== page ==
“Citizens of earth, we come in peace”
Any fan of 1950s sci-fi movies will recognize these immortal words as coming from the alien invader in the pioneering 1951 film The Day the Earth Stood Still. Spoken in perfect English by a well-mannered, handsome alien, these words have become used to the point of cliché in the sci-fi world.
The basic premise is that our well-meaning neighbors the Martians have come for a visit to warn mankind of the existential dangers of nuclear weapons proliferation — to ourselves, to our planetary neighbors including the Martians, and beyond. To demonstrate the seriousness of their mission, and to get the earthlings’ attention, the Martians shut down all of the electrical grids of Earth for one day. Drained of power, life essentially stops — the Earth literally stands still. This demonstration of unprecedented power is enough (in this quaintly optimistic fiction) to swerve the people of earth away from their dangerous path.
Boomers will remember nuclear war as the defining fear of our youth. We had drills in grade school about how to protect ourselves when the bombs started falling — basically, cover your eyes from the blinding flash and get under your desk to minimize the damage from the school’s roof collapsing over you. Far from being of any practical use, or even making us feel temporarily better, these exercises gave me nightmares — especially in October 1962 when the Cuban Missile Crisis put us literally at the doorstep of a nuclear exchange with the Soviet Union. (Funny, but I don’t recall having drills at that unique time — maybe it was all too scarily real for such “survival theater.”)
The threat of nuclear war remains today as serious as then, if not more so — though we as a society don’t seem to worry about it so much anymore. We have moved on to new things to worry about!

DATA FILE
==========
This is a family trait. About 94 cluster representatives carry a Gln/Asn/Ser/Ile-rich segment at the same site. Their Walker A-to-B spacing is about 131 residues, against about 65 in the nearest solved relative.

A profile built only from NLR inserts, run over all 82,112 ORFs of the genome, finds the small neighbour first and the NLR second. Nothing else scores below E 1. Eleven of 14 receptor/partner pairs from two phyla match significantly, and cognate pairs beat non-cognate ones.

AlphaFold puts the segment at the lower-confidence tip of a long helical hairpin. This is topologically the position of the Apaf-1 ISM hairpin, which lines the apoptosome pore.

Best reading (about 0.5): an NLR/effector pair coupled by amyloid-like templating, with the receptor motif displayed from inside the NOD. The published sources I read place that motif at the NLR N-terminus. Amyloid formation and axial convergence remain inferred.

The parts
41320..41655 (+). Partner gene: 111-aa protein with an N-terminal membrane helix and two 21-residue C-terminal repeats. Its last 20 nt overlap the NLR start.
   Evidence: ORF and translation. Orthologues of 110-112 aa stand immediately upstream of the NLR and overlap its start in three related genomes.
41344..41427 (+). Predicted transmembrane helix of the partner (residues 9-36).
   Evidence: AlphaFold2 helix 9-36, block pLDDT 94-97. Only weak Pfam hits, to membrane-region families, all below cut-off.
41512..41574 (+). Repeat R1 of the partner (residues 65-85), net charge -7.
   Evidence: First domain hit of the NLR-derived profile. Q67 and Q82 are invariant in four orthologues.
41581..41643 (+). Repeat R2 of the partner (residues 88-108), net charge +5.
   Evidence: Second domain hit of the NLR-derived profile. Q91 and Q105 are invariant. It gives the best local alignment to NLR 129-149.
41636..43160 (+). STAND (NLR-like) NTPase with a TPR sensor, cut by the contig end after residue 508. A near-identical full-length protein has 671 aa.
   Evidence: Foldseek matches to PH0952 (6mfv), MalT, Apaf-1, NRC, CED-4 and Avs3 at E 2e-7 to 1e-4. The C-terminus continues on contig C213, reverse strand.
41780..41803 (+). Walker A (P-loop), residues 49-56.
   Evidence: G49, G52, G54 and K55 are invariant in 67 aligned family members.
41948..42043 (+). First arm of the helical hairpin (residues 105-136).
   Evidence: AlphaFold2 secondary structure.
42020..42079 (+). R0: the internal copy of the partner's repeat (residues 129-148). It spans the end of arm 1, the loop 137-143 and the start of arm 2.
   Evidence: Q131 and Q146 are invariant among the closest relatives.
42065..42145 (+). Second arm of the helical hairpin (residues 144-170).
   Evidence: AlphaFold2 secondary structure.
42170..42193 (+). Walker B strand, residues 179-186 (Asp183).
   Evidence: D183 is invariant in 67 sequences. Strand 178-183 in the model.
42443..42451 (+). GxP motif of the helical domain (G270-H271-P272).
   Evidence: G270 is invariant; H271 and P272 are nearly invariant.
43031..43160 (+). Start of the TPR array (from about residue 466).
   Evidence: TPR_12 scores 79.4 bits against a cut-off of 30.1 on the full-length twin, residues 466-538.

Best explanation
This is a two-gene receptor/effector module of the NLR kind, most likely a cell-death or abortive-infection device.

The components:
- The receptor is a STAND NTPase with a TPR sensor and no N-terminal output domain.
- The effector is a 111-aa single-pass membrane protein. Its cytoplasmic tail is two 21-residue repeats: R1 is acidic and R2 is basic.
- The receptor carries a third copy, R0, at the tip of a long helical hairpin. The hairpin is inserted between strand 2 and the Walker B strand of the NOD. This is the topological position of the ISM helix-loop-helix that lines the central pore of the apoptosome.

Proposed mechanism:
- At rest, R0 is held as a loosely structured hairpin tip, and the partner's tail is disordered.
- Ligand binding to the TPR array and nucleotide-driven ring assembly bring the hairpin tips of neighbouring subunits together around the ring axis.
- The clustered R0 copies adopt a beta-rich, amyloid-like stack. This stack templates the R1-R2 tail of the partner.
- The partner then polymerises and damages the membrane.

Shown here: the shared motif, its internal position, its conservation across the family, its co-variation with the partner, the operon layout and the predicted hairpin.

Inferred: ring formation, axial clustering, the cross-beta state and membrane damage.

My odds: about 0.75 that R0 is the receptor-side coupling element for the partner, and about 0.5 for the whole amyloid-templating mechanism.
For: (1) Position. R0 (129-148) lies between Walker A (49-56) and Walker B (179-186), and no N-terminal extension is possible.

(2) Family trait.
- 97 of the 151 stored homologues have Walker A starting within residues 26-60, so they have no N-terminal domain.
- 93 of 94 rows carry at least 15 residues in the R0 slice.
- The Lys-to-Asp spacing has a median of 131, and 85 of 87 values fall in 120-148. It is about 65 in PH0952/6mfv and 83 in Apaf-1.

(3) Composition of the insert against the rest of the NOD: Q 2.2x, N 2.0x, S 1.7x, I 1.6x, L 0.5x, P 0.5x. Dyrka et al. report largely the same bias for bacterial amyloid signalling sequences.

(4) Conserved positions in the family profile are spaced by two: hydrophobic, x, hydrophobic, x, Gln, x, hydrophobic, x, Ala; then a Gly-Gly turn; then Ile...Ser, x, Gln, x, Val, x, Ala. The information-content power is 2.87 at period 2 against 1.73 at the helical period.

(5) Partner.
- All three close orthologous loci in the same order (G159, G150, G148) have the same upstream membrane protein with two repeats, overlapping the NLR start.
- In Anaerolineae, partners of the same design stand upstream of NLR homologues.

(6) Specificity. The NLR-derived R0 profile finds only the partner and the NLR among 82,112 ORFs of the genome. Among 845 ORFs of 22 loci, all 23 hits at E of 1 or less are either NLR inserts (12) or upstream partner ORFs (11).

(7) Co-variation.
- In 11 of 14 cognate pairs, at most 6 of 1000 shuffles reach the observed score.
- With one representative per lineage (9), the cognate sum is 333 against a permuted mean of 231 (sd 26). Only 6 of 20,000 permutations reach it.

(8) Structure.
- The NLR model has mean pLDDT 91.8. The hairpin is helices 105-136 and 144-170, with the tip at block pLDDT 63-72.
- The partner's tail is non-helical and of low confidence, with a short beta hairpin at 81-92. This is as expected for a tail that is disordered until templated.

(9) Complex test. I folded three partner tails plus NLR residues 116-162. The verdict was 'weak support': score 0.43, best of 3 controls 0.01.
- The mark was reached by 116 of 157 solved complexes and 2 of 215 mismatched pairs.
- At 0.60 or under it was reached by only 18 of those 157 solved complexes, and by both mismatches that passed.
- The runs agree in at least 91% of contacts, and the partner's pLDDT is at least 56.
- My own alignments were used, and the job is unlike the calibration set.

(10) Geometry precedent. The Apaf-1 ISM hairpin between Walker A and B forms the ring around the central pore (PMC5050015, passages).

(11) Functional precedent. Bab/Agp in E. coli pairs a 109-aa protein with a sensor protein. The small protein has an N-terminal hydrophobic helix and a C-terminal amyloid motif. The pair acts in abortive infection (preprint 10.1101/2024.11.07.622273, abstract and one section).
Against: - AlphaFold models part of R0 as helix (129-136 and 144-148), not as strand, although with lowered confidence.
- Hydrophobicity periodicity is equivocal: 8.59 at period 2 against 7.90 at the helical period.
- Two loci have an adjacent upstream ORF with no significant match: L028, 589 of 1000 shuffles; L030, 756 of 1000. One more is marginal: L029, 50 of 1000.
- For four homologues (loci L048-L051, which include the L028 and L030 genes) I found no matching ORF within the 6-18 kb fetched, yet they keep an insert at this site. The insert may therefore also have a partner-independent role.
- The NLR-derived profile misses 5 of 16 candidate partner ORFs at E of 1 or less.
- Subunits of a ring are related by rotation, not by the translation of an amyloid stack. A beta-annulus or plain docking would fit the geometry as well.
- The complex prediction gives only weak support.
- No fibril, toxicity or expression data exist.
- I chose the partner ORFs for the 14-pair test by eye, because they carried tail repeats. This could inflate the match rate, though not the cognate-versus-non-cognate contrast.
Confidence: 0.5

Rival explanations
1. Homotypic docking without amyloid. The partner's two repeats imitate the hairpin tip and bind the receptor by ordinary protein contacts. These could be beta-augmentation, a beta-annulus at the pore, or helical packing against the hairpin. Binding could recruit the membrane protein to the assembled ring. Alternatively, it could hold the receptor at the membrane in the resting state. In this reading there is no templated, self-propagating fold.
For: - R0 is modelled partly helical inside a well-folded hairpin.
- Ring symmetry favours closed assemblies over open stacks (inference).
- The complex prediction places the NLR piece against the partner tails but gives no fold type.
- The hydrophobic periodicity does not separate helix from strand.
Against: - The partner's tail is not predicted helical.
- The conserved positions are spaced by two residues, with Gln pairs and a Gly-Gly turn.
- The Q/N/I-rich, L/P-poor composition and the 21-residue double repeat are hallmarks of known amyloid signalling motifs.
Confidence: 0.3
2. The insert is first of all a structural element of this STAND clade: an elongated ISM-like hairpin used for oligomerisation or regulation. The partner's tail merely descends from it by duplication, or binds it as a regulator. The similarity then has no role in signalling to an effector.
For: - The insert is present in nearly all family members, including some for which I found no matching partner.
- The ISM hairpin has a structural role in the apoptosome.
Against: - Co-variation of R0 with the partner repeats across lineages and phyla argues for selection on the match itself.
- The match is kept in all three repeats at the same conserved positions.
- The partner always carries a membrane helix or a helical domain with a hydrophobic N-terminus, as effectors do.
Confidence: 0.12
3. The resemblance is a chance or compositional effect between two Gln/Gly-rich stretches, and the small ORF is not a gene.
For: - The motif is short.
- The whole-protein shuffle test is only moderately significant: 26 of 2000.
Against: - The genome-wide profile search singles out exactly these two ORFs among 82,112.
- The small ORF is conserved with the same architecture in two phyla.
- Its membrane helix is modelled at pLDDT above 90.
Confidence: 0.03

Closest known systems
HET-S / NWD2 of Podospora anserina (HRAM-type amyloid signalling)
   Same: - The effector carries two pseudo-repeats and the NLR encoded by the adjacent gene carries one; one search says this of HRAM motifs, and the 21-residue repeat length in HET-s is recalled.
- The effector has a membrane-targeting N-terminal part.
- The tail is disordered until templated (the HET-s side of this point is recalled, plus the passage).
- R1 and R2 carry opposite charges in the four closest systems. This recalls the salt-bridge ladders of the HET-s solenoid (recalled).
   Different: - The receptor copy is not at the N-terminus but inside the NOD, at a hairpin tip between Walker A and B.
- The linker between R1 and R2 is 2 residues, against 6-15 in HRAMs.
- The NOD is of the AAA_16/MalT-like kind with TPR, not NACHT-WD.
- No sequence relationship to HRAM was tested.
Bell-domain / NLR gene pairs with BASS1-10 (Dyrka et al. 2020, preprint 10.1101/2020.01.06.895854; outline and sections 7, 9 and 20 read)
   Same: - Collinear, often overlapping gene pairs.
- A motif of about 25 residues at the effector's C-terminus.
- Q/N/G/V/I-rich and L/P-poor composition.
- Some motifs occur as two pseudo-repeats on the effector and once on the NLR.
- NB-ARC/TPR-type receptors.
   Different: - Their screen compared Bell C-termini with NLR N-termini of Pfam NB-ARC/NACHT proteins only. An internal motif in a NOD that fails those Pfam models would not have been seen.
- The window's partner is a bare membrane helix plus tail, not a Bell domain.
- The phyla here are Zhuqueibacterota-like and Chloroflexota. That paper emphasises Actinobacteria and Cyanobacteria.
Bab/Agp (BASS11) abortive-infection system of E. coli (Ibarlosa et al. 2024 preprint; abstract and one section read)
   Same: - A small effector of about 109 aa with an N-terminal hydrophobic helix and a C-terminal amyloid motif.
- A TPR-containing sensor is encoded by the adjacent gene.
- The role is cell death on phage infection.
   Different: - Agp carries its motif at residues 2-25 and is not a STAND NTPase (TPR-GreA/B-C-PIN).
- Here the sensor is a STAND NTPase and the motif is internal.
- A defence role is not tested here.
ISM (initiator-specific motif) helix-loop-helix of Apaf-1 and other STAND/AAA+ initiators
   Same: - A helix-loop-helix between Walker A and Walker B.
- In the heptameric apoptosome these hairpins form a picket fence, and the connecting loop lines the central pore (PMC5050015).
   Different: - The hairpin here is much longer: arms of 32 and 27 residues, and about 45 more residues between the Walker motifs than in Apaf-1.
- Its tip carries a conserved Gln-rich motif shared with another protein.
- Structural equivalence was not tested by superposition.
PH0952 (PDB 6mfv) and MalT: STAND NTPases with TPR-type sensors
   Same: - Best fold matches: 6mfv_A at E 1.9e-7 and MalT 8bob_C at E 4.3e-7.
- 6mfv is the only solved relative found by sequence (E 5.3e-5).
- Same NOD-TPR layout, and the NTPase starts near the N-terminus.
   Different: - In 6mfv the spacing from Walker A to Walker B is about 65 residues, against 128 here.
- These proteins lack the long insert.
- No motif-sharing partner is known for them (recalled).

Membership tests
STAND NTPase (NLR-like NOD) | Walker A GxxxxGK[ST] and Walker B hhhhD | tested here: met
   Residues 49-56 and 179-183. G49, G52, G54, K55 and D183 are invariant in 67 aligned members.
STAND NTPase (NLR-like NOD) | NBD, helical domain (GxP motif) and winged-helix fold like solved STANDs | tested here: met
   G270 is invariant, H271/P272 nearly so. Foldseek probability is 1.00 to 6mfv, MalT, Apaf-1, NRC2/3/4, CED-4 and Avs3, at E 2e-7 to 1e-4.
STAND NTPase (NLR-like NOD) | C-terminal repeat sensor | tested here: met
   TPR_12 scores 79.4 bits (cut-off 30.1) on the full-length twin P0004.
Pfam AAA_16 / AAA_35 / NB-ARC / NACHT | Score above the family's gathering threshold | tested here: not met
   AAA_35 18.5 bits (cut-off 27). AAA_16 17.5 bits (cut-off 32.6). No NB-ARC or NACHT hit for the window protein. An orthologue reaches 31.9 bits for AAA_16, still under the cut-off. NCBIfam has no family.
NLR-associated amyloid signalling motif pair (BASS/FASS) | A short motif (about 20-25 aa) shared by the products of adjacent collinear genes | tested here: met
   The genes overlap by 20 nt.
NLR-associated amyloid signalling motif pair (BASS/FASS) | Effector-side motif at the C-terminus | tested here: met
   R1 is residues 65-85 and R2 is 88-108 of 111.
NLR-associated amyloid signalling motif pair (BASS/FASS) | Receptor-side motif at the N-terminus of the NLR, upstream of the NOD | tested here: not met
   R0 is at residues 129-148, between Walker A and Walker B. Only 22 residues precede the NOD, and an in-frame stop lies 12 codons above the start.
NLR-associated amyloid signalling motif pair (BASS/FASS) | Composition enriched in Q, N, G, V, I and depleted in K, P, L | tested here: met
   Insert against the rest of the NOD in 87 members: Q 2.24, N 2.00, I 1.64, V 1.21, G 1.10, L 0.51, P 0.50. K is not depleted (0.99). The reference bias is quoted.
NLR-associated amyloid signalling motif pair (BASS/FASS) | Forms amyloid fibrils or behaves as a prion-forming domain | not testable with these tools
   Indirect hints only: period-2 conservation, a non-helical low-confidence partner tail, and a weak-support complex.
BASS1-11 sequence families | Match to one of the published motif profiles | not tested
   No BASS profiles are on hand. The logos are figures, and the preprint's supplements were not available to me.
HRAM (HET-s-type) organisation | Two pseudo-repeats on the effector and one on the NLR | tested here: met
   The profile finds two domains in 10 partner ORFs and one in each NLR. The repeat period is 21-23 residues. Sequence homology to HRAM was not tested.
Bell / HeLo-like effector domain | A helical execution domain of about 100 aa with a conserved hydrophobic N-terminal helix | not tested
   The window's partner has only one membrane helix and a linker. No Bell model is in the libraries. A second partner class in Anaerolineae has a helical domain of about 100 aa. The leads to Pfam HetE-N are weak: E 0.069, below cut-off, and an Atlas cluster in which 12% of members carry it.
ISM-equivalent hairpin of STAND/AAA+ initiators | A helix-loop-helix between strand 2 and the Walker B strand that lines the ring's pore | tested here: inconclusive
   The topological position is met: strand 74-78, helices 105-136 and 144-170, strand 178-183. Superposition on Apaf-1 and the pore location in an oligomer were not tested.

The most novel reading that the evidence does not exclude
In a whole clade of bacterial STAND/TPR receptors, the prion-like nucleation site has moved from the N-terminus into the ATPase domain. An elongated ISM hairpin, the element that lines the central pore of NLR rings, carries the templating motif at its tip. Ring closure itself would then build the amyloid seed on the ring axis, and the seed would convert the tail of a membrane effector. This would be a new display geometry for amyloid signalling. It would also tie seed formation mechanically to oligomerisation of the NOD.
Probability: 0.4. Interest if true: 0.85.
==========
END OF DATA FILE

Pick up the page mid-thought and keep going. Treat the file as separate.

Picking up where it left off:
We are now living through the days the earth is seeming to stand still — and there may be many more of them. Instead of of being suave, cool Martians, our invaders are teeny tiny viruses — small enough that millions of them could fit on your fingertip — and are glad to do so, if you give them half a chance.
Are these viruses “talking” to us? Do they enlighten us in any way about our life on earth? Are there lessons we can, and should, be taking away?
I think there are, and that we will all emerge from this stronger and wiser IF we can learn from these lessons. I offer this starter set, in no particular order:
My hope is that when the dust settles — as previous experience with disasters has taught me it will — we will not only not forget these lessons, but that we will keep them top of mind as we move ahead, renewed and inspired, toward the future.
I recently found this unpublished item I had drafted in late March 2020, as the full impact of the global pandemic was beginning to emerge. Having gotten my second vaccine shot on March 11, 2021 — the first anniversary of the WHO’s official pandemic declaration — it finally seemed fitting to publish it.
Colleagues have since chided me for my unbounded and unwarranted optimism. In fact, the USA seems to be “celebrating” our release from Covid-mania by, among other things, resuming our previously-unbroken string of mass shootings.